Writers love reading. It’s through reading that we see how to begin and end stories, string words together to create an image, and make readers turn the page.
Before I write the beginning of any story, I reread Grace Paley’s “A Conversation with My Father” because the first paragraph is my favorite story beginning.
“My father is eighty-six years old and in bed. His heart, that bloody motor, is equally old and will not do certain jobs any more. It still floods his head with brainy light. But it won’t let his legs carry the weight of his body around the house. Despite my metaphors, this muscle failure is not due to his old heart, he says, but to a potassium shortage. Sitting on one pillow, leaning on three, he offers last-minute advice and makes a request.”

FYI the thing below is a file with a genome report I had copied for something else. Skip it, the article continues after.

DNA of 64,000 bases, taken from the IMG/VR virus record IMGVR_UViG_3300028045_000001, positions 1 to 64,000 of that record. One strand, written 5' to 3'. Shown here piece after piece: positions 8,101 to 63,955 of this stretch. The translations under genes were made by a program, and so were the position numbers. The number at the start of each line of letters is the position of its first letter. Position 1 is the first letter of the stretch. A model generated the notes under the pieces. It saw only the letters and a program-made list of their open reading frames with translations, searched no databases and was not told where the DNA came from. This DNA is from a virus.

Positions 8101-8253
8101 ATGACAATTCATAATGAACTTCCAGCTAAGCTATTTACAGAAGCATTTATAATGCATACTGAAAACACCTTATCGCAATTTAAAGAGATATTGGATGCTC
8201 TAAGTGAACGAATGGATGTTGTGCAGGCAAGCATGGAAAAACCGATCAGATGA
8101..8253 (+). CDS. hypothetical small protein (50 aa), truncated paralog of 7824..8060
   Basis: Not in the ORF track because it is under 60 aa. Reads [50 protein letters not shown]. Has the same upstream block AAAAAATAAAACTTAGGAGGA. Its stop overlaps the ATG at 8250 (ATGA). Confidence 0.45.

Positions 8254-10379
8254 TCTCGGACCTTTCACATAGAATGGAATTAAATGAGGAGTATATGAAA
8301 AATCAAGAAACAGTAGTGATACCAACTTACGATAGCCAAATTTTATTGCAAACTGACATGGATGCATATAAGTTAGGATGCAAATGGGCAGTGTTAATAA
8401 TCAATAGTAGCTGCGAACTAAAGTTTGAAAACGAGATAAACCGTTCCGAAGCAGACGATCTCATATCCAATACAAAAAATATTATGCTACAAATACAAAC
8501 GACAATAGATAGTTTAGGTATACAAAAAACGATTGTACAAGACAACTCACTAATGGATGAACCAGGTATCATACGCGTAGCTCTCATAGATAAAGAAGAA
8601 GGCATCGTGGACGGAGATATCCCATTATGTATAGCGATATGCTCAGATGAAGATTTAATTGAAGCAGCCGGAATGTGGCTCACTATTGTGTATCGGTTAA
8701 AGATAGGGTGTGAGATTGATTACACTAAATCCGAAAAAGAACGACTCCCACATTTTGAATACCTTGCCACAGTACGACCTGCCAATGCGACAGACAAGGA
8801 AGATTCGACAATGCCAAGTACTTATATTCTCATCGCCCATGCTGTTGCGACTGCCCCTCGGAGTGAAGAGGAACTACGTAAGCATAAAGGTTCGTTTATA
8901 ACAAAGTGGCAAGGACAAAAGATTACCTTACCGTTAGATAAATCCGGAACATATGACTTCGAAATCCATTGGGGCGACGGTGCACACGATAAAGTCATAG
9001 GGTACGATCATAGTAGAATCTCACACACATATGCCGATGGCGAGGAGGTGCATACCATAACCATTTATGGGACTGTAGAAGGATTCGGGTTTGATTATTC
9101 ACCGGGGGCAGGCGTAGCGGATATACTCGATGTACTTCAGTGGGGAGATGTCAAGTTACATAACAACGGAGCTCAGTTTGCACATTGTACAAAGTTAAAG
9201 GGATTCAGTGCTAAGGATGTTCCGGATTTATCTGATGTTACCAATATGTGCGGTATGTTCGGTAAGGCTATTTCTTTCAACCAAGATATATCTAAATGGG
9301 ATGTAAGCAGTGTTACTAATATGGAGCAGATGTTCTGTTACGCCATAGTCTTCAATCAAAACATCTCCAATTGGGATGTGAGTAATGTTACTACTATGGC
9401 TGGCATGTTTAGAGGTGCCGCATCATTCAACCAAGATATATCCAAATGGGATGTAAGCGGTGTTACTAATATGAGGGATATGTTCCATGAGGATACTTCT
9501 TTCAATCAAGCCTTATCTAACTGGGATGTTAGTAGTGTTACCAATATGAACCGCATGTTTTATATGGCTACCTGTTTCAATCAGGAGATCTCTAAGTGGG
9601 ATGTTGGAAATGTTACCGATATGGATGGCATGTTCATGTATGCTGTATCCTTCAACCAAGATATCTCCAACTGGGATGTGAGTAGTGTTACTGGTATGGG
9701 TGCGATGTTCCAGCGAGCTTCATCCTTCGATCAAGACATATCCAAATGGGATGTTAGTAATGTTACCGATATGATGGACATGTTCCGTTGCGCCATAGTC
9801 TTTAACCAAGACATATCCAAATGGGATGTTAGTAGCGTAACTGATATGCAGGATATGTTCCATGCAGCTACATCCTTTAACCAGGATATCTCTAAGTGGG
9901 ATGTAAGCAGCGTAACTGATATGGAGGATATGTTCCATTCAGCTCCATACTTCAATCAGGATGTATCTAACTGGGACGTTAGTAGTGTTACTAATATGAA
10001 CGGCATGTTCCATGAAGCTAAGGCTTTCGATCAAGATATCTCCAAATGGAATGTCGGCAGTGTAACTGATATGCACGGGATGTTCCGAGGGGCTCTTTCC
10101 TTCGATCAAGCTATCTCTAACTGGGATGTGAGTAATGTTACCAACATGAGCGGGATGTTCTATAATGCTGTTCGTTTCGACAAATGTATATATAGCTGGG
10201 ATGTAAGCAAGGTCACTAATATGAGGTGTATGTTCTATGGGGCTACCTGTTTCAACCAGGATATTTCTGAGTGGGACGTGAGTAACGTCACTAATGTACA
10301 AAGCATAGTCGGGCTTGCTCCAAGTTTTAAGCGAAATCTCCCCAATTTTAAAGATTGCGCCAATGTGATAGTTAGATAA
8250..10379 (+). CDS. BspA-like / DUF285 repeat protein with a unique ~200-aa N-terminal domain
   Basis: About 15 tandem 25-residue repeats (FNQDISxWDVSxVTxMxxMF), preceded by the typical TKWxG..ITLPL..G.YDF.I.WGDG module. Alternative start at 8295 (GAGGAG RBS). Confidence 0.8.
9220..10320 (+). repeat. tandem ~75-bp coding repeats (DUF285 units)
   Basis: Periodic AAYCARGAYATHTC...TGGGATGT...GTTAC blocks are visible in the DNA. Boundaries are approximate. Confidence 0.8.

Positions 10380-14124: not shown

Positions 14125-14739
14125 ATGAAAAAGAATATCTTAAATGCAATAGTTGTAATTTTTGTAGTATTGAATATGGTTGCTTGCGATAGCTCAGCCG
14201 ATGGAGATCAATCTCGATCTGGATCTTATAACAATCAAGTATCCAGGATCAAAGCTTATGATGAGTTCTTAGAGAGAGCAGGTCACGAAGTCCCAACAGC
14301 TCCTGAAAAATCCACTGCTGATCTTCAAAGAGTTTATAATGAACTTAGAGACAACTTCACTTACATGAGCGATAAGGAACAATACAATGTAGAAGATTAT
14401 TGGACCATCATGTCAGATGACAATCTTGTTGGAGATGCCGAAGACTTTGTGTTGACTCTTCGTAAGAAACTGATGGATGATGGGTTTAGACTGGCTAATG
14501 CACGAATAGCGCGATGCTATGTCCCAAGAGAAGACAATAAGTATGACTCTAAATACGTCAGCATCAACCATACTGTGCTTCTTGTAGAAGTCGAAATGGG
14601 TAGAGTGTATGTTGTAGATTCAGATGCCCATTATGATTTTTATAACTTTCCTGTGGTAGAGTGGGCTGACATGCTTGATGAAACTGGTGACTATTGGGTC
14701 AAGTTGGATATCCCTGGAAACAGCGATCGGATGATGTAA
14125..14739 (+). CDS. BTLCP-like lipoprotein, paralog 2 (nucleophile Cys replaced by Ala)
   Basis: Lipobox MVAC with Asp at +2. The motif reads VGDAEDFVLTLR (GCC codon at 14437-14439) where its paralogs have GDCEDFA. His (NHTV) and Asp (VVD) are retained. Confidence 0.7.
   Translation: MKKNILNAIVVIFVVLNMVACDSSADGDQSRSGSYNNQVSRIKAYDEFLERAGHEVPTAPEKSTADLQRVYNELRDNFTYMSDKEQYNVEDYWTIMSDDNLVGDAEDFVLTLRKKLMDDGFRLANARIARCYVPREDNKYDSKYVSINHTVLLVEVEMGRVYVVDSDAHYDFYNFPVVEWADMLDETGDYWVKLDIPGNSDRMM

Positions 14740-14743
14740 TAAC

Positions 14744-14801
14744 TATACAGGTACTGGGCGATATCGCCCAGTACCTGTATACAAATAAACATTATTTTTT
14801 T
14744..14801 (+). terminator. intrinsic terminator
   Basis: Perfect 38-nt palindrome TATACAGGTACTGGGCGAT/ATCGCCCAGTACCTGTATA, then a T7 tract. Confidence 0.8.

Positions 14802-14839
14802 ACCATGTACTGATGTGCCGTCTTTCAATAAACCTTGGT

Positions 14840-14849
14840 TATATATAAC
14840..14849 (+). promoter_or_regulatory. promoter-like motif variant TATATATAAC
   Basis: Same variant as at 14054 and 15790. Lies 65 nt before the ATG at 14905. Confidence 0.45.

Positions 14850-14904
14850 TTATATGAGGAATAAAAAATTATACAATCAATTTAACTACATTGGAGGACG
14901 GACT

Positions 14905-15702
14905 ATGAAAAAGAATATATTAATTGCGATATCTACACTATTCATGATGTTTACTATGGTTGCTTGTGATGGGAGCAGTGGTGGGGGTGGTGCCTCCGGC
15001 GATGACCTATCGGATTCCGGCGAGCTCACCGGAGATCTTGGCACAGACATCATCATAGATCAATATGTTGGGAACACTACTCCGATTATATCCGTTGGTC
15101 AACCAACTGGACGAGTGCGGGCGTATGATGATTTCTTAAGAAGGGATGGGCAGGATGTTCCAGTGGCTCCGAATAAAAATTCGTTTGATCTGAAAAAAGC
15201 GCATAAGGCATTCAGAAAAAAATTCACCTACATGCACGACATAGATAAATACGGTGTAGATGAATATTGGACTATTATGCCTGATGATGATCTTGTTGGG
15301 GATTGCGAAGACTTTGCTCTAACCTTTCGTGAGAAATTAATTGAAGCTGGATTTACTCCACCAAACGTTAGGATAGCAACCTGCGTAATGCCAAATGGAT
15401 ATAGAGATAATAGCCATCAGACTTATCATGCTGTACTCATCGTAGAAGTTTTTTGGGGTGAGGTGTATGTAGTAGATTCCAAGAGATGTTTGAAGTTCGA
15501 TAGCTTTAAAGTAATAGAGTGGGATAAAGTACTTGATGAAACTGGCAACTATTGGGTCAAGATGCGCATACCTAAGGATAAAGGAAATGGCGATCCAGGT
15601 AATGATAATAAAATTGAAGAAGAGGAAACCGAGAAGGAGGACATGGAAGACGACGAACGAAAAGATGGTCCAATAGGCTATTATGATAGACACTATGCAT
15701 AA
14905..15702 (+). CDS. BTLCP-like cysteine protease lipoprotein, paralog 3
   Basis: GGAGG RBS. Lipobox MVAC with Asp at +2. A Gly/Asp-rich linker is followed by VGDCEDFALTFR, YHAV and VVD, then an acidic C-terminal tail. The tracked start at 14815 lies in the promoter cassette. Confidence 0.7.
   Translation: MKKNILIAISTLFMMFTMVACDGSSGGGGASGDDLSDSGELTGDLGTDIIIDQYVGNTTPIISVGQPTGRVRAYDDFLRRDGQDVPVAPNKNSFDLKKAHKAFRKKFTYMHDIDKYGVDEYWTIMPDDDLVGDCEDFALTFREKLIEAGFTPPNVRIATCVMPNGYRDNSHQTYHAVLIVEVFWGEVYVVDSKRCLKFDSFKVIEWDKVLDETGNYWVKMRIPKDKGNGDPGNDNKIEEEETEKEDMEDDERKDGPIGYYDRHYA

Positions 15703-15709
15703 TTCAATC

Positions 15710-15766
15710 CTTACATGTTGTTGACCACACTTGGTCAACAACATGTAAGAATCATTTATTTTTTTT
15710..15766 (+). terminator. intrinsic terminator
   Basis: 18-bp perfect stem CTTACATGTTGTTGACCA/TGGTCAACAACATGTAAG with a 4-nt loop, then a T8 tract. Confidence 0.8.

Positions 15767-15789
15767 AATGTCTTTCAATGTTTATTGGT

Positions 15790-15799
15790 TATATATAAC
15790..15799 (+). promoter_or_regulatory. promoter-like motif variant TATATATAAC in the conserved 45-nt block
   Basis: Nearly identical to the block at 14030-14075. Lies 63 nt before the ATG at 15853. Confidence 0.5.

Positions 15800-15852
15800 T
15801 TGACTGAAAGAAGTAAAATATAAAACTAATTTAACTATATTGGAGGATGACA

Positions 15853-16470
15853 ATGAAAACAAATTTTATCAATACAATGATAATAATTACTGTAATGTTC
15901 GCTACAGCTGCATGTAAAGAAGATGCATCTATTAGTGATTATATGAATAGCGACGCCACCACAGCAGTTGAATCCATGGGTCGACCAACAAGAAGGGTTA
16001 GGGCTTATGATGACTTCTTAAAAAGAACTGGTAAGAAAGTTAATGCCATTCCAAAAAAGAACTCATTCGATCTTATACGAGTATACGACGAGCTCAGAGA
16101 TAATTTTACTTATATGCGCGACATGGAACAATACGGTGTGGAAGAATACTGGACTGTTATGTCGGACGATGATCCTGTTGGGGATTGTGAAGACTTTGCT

Paley could have just written “His heart is equally old…” but instead added “that bloody motor” to paint a more vivid picture. And the sentence, “It still floods his head with brainy light” seems unnecessary, but instead adds a clear sense of the father’s character. The last few words, “…he offers last-minute advice and makes a request”, leave me wondering about a dying father’s advice and request. I often marvel at an author’s ability to turn words into a reader’s tears. Envy is the sin of every writer.